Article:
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Would Esther Have Been Considered a Calvinist?

April 22, 2012 5 comments

Recently I pondered whether delving into the Old Testament Torah would help bring about some understanding to Calvinistic/sovereign grace issues within my own faith. Unbeknownst to me, my bride has been studying the book Esther in a women’s Bible study. She’s well aware of my consternation regarding Reformed theology in general and unconditional election in particular. She believes a sovereign God can, and does, direct the events in the lives of believers – and for that matter, non-believers as well. With her permission, I have copied her summary of the book of Esther and how this book has helped to bring about a new sense of purpose and understanding within her own life. 

Can everything that happens in the book of Esther be explained by naturally-occurring events?

    • The king can’t sleep one night and asks the archives of his kingdom to be read to him – which happened to be of the time Mordecai reported a coup against the king and was never rewarded for it.
    • The king is invited to a dinner by Esther.
    • Esther rose to be queen based on her beauty and personality. 
    • The king sees someone in the courtyard which happens to be Haman.  
    • A prideful Haman gives the king a grandiose idea of how to honor someone – the honor Haman actually wishes to have bestowed upon himself. 
    • Haman just happens to be “falling on the queen’s couch” when the king reenters the room.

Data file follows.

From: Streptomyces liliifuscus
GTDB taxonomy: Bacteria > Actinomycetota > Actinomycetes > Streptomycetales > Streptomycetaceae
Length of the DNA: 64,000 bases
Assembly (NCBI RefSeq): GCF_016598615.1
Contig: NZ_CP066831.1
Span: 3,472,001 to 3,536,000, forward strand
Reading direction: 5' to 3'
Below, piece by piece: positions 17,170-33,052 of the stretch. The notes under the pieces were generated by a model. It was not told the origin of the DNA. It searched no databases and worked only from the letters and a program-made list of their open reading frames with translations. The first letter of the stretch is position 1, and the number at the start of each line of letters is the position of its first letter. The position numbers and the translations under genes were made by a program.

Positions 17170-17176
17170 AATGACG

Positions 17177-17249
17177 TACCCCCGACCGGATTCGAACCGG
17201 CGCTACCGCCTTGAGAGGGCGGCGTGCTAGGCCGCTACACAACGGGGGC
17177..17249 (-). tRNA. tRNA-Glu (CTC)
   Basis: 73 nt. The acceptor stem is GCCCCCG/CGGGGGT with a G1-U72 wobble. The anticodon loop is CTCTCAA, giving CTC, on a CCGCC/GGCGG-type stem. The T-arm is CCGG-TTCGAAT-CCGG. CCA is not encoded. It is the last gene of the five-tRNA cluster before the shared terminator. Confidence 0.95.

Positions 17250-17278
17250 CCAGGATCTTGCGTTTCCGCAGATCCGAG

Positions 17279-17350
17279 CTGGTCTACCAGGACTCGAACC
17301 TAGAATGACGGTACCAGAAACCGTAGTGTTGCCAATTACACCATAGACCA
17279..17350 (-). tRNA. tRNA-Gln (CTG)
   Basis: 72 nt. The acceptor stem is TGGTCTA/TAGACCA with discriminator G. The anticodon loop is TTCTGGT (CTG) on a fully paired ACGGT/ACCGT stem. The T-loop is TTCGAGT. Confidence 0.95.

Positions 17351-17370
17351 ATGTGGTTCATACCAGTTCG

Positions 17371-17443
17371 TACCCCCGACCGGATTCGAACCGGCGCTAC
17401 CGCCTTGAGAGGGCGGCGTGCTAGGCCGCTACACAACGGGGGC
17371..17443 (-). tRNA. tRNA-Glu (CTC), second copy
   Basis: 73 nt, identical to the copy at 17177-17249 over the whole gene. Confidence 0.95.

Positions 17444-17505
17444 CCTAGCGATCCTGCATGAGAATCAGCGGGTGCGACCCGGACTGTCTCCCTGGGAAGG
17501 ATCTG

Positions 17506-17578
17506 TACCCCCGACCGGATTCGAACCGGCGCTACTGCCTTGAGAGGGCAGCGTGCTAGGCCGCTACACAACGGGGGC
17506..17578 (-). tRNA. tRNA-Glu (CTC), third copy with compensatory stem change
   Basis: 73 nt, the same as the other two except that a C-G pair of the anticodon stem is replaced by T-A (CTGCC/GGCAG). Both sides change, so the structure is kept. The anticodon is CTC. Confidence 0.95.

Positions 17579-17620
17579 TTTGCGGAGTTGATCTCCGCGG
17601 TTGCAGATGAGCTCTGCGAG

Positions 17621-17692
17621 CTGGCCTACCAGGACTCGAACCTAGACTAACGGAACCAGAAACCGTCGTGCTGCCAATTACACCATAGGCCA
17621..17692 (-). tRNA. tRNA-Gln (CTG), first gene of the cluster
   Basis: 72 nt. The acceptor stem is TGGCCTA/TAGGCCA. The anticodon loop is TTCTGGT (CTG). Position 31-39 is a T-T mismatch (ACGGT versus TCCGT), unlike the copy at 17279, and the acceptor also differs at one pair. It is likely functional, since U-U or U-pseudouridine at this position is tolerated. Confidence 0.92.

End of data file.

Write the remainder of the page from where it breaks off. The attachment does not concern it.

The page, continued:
• The king makes a decisive decision to have Haman executed. 
    • A newly built gallows had just been built by Haman which had been intended to hang Mordecai. 

Is it all just happenstance? It seems impossible that all of those events, taken together,  could randomly have lined up that way. It appears that everything was orchestrated and planned out. And none of the players could possibly have seen, understood or even imagined that each event had been specifically designed. 

Is there a lesson for us? Does God work this way in our lives? How do we know if God orchestrates circumstances in our lives today? The book of Esther teaches that God can use people to bring about events he desires – even through people who don’t acknowledge or worship him. The book of Esther also shows God’s heart and compassion for his people. God has good intentions toward us and the power to orchestrate human events in our favor. I believe God has the power to answer my prayers, the power to influence my mind and help me make wise decisions.